His view is opposed by D.J. Kirkland from Viz Media, who has been vocal for changing and producing manga for Western markets. According to Kirkland, there is going to be a conversation between stakeholders in Japan and Western publishers when it comes to creating content that appeals more to the Western audience. His view that anime is a business is a correct one, yet his intentions largely leave the original creators and their intents out of the equation. Kirkland also ignores that anime and manga have been specifically made for the Japanese market alone and its success as an export product leans heavily on this. Kirkland’s word at its face value, he also considers that US and Western market to be one and the same when this isn’t the case. France, for example, doesn’t exactly rely on English language releases of Japanese works nearly to the same extent as some other countries. English language releases from the US certainly make themselves around the world and do skew the numbers, but the point still stands.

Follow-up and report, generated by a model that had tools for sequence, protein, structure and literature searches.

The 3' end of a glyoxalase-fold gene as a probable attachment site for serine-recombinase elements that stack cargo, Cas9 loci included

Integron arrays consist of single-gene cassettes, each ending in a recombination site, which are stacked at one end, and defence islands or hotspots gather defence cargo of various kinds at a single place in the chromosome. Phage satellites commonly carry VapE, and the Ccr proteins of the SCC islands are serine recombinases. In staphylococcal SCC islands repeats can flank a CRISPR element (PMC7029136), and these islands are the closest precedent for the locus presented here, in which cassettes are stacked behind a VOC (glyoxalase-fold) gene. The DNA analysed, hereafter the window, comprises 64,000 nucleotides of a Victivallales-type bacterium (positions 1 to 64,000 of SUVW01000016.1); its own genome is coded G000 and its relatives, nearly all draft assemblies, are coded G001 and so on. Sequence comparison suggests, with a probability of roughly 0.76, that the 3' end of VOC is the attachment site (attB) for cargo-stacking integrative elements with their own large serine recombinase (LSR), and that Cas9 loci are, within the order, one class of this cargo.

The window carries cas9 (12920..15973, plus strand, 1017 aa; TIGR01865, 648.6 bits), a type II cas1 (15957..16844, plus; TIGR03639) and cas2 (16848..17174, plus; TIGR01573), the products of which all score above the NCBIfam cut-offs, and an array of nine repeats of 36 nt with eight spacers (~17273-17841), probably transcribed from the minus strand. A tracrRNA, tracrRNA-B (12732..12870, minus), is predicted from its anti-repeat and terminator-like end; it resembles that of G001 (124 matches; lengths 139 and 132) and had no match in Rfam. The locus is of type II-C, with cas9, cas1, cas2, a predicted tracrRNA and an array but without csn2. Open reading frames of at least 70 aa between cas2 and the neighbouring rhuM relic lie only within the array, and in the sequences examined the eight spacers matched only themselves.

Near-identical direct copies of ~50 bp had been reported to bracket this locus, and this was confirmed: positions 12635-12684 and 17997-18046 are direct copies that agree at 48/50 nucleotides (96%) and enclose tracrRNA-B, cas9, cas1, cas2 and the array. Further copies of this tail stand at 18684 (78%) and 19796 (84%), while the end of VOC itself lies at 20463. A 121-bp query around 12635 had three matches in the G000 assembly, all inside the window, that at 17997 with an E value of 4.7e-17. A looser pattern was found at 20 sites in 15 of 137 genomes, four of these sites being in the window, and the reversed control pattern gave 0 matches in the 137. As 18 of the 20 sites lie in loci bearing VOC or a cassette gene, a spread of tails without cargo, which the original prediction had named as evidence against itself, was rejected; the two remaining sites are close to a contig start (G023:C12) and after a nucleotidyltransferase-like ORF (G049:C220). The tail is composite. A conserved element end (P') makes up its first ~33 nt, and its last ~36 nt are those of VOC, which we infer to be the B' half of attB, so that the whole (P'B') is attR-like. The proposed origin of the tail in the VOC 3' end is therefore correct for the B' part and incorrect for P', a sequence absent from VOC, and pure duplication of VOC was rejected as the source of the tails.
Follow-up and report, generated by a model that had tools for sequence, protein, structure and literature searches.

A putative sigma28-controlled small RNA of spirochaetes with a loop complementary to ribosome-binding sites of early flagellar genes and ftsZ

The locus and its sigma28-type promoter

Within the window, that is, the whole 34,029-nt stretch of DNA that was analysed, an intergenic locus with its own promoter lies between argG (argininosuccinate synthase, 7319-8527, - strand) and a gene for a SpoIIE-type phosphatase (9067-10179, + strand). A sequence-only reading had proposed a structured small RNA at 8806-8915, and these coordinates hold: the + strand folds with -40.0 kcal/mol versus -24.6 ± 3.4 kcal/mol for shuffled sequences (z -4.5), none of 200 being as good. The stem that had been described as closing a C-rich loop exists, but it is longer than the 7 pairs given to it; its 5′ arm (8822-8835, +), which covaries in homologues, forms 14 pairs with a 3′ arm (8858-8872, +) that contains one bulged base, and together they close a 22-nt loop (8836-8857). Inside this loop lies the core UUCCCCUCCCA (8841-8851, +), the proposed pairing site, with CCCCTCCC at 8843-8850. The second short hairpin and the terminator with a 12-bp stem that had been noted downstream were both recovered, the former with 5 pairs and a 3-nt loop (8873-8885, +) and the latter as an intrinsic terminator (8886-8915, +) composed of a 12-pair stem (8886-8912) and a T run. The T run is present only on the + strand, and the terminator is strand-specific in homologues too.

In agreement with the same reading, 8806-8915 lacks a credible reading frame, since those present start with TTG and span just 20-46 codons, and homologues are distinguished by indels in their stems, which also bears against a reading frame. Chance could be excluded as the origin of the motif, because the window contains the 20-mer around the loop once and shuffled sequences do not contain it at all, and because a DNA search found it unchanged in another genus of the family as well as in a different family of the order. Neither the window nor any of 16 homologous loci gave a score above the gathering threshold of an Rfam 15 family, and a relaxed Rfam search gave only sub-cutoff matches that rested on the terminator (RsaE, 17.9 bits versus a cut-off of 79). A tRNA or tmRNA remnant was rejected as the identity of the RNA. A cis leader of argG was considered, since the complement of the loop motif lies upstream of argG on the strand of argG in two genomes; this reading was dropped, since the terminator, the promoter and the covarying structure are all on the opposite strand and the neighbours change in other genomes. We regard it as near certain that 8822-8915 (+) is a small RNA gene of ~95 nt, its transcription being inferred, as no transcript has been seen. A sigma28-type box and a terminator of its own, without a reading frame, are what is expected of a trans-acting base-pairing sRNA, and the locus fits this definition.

Akamatsu’s worry regarding governmental or industrial over-regulation is relevant. He was the key person in stopping Japanese corporations taking actions against the Japanese homemade comic scene, the doujinshi scene, which sees people making their own created comics they do not own and publishing them at events. This is infringing copyright, something all the companies would have all the power to stop, but due to the nature of doujinshi being a major part of the Japanese popular culture, they are allowed to continue with this half-decade long tradition without much trouble. In fact, majority of the Japanese comic creators have some roots in the doujinshi scene, such as ever-popular CLAMP, and it is not uncommon to find a popular creator having drawn adult material before moving to mainstream comics.